List out the guilty thoughts and feelings along with the person whose priorities or expectations create that feeling of guilt in you. Next, look at the names. Circle the names of those people who are a TOP priority in your life. Usually, this will include your immediate family and perhaps a few close friends.

Place a SQUARE around those people who are in your second priority group.

Most people will find they have a few names listed that aren’t in their first or second priority group. We will start with that category. CROSS THEM OFF! You can’t save the world and meet everyone’s expectations. Trying to do so will only drain you further and lead to more guilt, which will leave you ineffective for doing what really matters. No one can win in that scenario.

Likewise, if there is something that is outside of your control (like our co-dependent example above) cross that off your list. You cannot help someone who will not help themselves. One afternoon I was discussing a problem-person with a friend in human resources. She told me “All your faith in the world in that person cannot make up for the lack of faith they have in themselves.” It was a hard lesson to learn, but one I am eternally grateful for. That doesn’t mean we stop believing in a person, but it does mean we refuse to own their problems or carry them as our own.

Now let’s look at the top priority group. Again record what the healthy feeling would look like. Make sure that it is realistic. For example, if I wrote down the guilty feeling as: Not spending enough time with my daughter, the healthy feeling wouldn’t be Spending all day with my daughter. That is not realistic given my work schedule. A healthy feeling would look more like this: Spending a quality hour of one-on-one time each day with my daughter.

As you do this part of the exercise, make sure to continually ask yourself: Are these healthy expectations? Even those we love can put unhealthy expectations on us out of their own need. The problem with unhealthy expectations is that we will never live up to them. The guilty feeling will always be there because we can never give or do enough. As you look at your list, your gut will likely tell you if you have one of these guilt-sources on your list. Often what happens when people exert unhealthy expectations is we swing to the complete opposite end of the pendulum. Instead of spending time with that person, we avoid them. We know internally we can never do enough, so we intentionally or non-intentionally stay away from the situation. This, as you likely guessed, leads to additional guilty feelings.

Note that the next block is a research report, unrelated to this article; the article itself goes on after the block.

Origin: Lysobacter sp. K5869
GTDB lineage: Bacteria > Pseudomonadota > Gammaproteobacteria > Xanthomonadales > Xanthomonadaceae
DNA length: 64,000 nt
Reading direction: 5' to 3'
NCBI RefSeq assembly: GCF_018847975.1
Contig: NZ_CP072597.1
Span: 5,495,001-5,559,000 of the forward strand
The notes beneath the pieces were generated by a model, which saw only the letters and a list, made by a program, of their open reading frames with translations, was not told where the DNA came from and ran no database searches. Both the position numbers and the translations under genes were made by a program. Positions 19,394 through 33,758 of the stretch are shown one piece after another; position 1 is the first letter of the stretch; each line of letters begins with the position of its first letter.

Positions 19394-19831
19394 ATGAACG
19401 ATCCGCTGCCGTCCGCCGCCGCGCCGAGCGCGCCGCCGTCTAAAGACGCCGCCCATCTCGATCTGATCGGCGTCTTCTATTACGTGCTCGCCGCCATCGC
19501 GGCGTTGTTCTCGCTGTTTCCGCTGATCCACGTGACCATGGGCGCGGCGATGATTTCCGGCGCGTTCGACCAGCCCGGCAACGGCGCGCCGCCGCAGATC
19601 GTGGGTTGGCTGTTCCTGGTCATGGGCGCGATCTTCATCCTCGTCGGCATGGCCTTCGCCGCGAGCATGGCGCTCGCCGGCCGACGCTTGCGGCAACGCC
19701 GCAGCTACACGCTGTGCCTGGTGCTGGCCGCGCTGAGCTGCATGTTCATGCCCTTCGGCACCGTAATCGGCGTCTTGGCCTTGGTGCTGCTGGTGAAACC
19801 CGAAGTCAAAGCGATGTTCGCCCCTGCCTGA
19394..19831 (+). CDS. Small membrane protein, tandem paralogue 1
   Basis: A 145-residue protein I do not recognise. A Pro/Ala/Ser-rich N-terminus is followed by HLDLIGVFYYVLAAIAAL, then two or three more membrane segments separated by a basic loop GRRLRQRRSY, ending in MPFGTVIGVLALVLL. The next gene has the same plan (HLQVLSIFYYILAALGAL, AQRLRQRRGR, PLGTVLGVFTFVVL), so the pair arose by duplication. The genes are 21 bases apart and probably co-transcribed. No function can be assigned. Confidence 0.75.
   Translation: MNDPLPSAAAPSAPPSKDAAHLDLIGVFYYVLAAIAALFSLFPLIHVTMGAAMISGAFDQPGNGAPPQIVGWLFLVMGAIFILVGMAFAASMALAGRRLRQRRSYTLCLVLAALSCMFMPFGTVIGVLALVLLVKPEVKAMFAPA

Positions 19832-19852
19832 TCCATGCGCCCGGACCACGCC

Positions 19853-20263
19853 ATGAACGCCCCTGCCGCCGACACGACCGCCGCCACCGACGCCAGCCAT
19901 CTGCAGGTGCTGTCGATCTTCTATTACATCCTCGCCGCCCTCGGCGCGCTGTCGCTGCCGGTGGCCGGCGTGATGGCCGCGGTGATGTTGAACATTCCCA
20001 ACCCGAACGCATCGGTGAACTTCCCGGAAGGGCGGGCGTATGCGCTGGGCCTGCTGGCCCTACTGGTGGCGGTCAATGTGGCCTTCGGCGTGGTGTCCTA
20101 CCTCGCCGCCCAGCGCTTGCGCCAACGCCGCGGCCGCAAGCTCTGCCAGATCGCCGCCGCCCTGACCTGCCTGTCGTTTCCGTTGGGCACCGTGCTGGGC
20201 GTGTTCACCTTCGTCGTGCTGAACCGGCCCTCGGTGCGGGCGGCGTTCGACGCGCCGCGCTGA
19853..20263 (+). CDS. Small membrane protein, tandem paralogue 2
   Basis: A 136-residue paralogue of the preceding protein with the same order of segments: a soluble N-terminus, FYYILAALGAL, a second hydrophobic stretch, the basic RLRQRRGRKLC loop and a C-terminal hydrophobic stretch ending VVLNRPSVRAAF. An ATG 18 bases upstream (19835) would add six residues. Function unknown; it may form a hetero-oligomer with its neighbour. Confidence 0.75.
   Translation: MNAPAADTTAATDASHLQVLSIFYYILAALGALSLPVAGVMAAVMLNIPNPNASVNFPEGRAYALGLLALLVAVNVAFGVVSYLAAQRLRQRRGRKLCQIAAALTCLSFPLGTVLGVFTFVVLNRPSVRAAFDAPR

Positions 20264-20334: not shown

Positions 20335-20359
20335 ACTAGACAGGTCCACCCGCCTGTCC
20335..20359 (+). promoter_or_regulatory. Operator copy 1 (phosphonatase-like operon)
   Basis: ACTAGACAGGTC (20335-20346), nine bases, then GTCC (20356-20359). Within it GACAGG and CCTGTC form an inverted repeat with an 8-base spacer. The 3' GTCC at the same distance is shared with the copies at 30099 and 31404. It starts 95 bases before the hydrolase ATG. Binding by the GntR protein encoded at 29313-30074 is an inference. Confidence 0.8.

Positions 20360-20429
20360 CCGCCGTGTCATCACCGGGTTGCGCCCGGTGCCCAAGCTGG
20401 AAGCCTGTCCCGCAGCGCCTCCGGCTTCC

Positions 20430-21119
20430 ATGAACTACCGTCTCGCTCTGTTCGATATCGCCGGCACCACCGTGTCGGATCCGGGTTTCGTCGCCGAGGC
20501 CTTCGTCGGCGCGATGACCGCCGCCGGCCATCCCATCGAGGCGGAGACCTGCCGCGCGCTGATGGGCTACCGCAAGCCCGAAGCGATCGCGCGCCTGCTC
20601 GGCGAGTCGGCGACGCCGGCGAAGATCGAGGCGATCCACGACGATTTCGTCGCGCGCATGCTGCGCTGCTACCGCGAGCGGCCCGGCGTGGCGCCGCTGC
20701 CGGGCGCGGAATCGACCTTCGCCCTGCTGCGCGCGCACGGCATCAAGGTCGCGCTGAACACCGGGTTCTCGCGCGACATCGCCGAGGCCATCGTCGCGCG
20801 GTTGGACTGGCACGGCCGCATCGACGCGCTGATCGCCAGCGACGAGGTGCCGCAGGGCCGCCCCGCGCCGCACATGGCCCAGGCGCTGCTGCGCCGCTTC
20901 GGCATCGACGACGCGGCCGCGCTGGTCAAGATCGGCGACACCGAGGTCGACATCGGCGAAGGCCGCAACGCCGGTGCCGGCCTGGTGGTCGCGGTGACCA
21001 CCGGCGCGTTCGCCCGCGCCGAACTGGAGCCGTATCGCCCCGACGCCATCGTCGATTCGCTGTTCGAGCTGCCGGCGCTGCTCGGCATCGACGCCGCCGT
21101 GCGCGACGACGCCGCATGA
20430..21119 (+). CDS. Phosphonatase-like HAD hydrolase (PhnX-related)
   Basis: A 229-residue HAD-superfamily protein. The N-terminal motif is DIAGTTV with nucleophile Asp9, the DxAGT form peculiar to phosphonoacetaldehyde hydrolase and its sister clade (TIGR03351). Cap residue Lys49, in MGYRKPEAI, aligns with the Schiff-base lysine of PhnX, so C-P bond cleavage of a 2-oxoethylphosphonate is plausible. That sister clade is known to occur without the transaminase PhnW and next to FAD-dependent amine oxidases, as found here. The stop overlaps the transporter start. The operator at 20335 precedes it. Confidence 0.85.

Fortunately, there is a middle ground. That middle ground is taking an action step that allows us to feel good and present, but does not compromise our well-being or sap our energy. Here is an example: Let’s say you have a mother or mother-in-law who feels she never gets to see her grandchildren enough. Your action step would be to facilitate a reasonable number of visits, but not to bend over backward, as even ten or twenty visits may not be enough. Again, if you have a hard time coming up with “reasonable action steps” do this part of the exercise with a friend.

Now let’s look at the third guilt-group of time-constraints. Hopefully, by completing and working through Group 1 and Group 2, you will have already freed up some time and focus to help some of the guilt-feelings that are time-driven.

When we look at time-driven guilt, it is important to remember the quote, “We can have it all, just not at the same time.” Time-driven guilt is a big one for me. I always want to do more, give more, share more-and no matter what I do, I often feel I am not giving or sharing enough. I feel like if I am awake, I should be doing or sharing something! We often joke in the office that the one area I could for sure fail at is “relaxation.” Any time I try to relax, I am barraged with all the things “I should” be doing.

What I have had to learn (and am still learning!) is that we can’t give 100% all the time, or we will end up empty. And guess what happens when we are empty? The guilt steps in because we don’t have enough left to give. Likely, we will go through seasons where we can give more externally and seasons where we have to focus more internally. We have to strike a balance in order to remain at our peak. In order to have “up” time, we must also have “down” time.

It is also important to remember that our “external giving” can look very different. For example, a person who is speaking for hours on end, might need more “recharge” time than a person who is attending the talk. Those in high-stress jobs, need to remember that their “down time” can’t be scarified, even for a week, if there “up time” is to be of maximum effectiveness.

So as we look at time-constraint issues, we need to ask ourselves – Is this important right now? Or is this something that needs to wait a month, three months, a year, two years? Anything that is important now will need to be moved to one of the other lists discussed above. Anything that can wait, should be revisited later, and let the guilt go for now.

Copyright © Brook Noel